Financials make mixed showing as investors grapple with BOE hints of pullback on easing
U.K. stocks fell Friday, on track to deepen losses for the month, as the pound traded at a six-week high on the prospect of higher interest rates.
Continue Reading Below
The FTSE 100 lost 0.3% to 7,328.69, with only the consumer goods and industrials sectors showing slight gains. The oil and gas, health care and telecom groups led the decliners. On Thursday, the London benchmark shed 0.5% (http://www.marketwatch.com/story/miners-help-lift-ftse-100-even-as-pound-extends-gains-2017-06-29) after giving up earlier gains.
For the week, the blue-chip index was on course for a loss of 1.3%, putting it in line for a June fall of 2.6%. The benchmark is facing a rise of only 0.1% for the second quarter.
On Friday, equities were trading for a second session with the pound above $1.30, buying $1.3015. That was up from $1.3009 late Thursday, the highest New York settlement for sterling since May 19.
The FTSE 100 is sensitive to pound moves, as a stronger value of sterling can hurt revenue and cut into earnings made overseas by multinational companies on the index.
BOE fallout: The pound's gain came in part after Bank of England Gov. Mark Carney this week hinted at an interest-rate increase (http://www.marketwatch.com/story/boe-chief-carney-hints-at-rate-rise-2017-06-28).
Shares in banks, which benefit from higher interest rates, were mixed Friday. HSBC Holdings PLC (HSBA.LN) shares added 0.3%, as did those of Barclays PLC (BCS) . Standard Chartered PLC (STAN.LN) was 0.2% higher.
But Royal Bank of Scotland Group PLC (RBS.LN) shares shed 0.2%, and Lloyds Banking Group (LLOY.LN) gave up 0.4%.
The signals coming out of the BOE have prompted UBS to drop its forecast for further monetary easing in the U.K.
"This change of call is entirely a response to the recent change in tone of several [Monetary Policy Committee] members, and in no way a sign that our expectations for the U.K. economy have improved," wrote UBS strategist John Wraith in a Thursday note.
"On the contrary, we are increasingly convinced the slowdown seen in Q1 2017 is set to persist and probably intensify over the period to the U.K.'s EU exit at the end of Q1 2019," he said.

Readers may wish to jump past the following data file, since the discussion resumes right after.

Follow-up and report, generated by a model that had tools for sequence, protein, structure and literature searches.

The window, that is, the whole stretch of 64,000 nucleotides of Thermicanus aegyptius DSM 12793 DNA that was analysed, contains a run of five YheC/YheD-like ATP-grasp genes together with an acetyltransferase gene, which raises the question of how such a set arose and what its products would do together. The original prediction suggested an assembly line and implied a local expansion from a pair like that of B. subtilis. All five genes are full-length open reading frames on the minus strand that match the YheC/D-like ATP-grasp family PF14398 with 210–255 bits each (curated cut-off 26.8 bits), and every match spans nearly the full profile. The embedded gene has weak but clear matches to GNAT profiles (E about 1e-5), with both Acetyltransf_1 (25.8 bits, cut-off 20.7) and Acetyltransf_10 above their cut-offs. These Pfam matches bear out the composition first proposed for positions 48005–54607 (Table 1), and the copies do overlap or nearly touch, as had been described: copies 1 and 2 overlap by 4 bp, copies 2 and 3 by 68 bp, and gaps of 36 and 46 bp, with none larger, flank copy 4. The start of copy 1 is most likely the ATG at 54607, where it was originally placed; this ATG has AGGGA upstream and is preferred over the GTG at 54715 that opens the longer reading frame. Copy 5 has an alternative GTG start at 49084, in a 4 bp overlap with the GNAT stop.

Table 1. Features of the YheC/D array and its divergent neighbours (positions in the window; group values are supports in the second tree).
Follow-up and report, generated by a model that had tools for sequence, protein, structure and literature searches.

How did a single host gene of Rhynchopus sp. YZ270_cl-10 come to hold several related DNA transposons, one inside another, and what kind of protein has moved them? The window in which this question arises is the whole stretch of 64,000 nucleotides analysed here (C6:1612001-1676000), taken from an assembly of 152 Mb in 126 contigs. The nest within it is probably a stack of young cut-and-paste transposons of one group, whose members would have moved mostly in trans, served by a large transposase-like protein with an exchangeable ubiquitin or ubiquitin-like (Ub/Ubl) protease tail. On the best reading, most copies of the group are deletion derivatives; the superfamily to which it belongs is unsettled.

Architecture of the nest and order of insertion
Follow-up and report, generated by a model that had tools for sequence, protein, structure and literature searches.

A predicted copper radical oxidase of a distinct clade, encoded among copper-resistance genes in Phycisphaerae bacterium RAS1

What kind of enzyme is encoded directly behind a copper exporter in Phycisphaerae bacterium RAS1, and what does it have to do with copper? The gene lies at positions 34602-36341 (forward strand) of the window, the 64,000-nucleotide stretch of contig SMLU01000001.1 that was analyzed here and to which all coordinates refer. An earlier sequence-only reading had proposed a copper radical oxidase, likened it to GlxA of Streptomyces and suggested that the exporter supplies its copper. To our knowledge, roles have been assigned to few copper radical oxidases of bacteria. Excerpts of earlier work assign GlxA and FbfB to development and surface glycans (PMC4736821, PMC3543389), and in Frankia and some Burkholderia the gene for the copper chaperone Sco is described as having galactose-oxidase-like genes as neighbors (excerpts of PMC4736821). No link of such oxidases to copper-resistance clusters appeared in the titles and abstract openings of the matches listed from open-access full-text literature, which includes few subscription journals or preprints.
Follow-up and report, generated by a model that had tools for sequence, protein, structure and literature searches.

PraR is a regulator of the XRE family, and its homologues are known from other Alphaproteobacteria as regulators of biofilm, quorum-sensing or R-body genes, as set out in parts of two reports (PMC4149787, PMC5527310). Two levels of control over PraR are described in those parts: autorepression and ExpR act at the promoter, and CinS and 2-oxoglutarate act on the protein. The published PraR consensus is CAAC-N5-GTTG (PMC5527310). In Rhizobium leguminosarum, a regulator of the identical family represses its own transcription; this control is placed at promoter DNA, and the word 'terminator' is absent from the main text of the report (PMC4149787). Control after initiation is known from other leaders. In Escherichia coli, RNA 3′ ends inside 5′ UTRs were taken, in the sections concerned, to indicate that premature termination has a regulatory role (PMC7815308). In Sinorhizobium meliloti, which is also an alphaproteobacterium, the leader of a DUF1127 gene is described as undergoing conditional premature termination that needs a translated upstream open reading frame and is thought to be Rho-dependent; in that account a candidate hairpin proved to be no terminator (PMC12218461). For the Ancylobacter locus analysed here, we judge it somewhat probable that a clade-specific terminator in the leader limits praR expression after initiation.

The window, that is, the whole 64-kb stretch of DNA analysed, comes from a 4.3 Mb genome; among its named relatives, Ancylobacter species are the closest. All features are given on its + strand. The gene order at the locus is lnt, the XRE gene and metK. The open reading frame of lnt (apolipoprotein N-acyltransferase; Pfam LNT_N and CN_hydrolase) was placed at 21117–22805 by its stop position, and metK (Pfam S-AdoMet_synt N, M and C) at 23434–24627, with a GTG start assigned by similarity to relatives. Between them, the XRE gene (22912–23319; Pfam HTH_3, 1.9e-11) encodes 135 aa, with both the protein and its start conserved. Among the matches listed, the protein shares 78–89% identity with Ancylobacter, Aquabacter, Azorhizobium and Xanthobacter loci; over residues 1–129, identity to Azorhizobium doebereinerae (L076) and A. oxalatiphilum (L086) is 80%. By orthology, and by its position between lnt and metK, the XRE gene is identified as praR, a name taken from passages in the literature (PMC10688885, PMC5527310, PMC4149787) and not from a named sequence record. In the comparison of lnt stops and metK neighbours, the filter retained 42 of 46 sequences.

Read:Central banks set up investors for a long, hard road back to 'normal' (http://www.marketwatch.com/story/investors-face-a-long-hard-road-back-to-normal-2017-06-29)
And see:Here's why the stock market is spooked by central bankers (http://www.marketwatch.com/story/heres-why-the-stock-market-is-spooked-by-central-bankers-trump-agenda-delays-2017-06-29)
Stock movers: Advancers were led by British Airways parent International Consolidated Airlines Group SA (IAG.LN) and easyJet PLC (EZJ.LN) , as the airlines' shares gained 2.1% and 1.5%, respectively. British Airways' cabin crew is set to begin a 16-day strike on Saturday.
Among decliners, United Utilities Group PLC (UU.LN) fell 1.9% and oil producer BP (BP.LN) gave up 1.6%.
Economic data: On Friday, the final reading of first-quarter U.K. gross domestic product is due at 9:30 a.m. London time, or 4:30 a.m. Eastern Time. The growth estimate in May was revised down to 0.2%. (http://www.marketwatch.com/story/uk-first-quarter-gdp-growth-revised-down-to-02-2017-05-25)
(http://www.marketwatch.com/story/uk-first-quarter-gdp-growth-revised-down-to-02-2017-05-25)At the same time, a reading on services activity in April is due.
Confidence among U.K. consumers soured significantly (http://www.marketwatch.com/story/uk-consumer-confidence-sours-in-june-2017-06-30)in June, a GfK survey published Friday showed, on growing concerns about the economy and their own financial situation.
(END) Dow Jones Newswires
June 30, 2017 04:15 ET (08:15 GMT)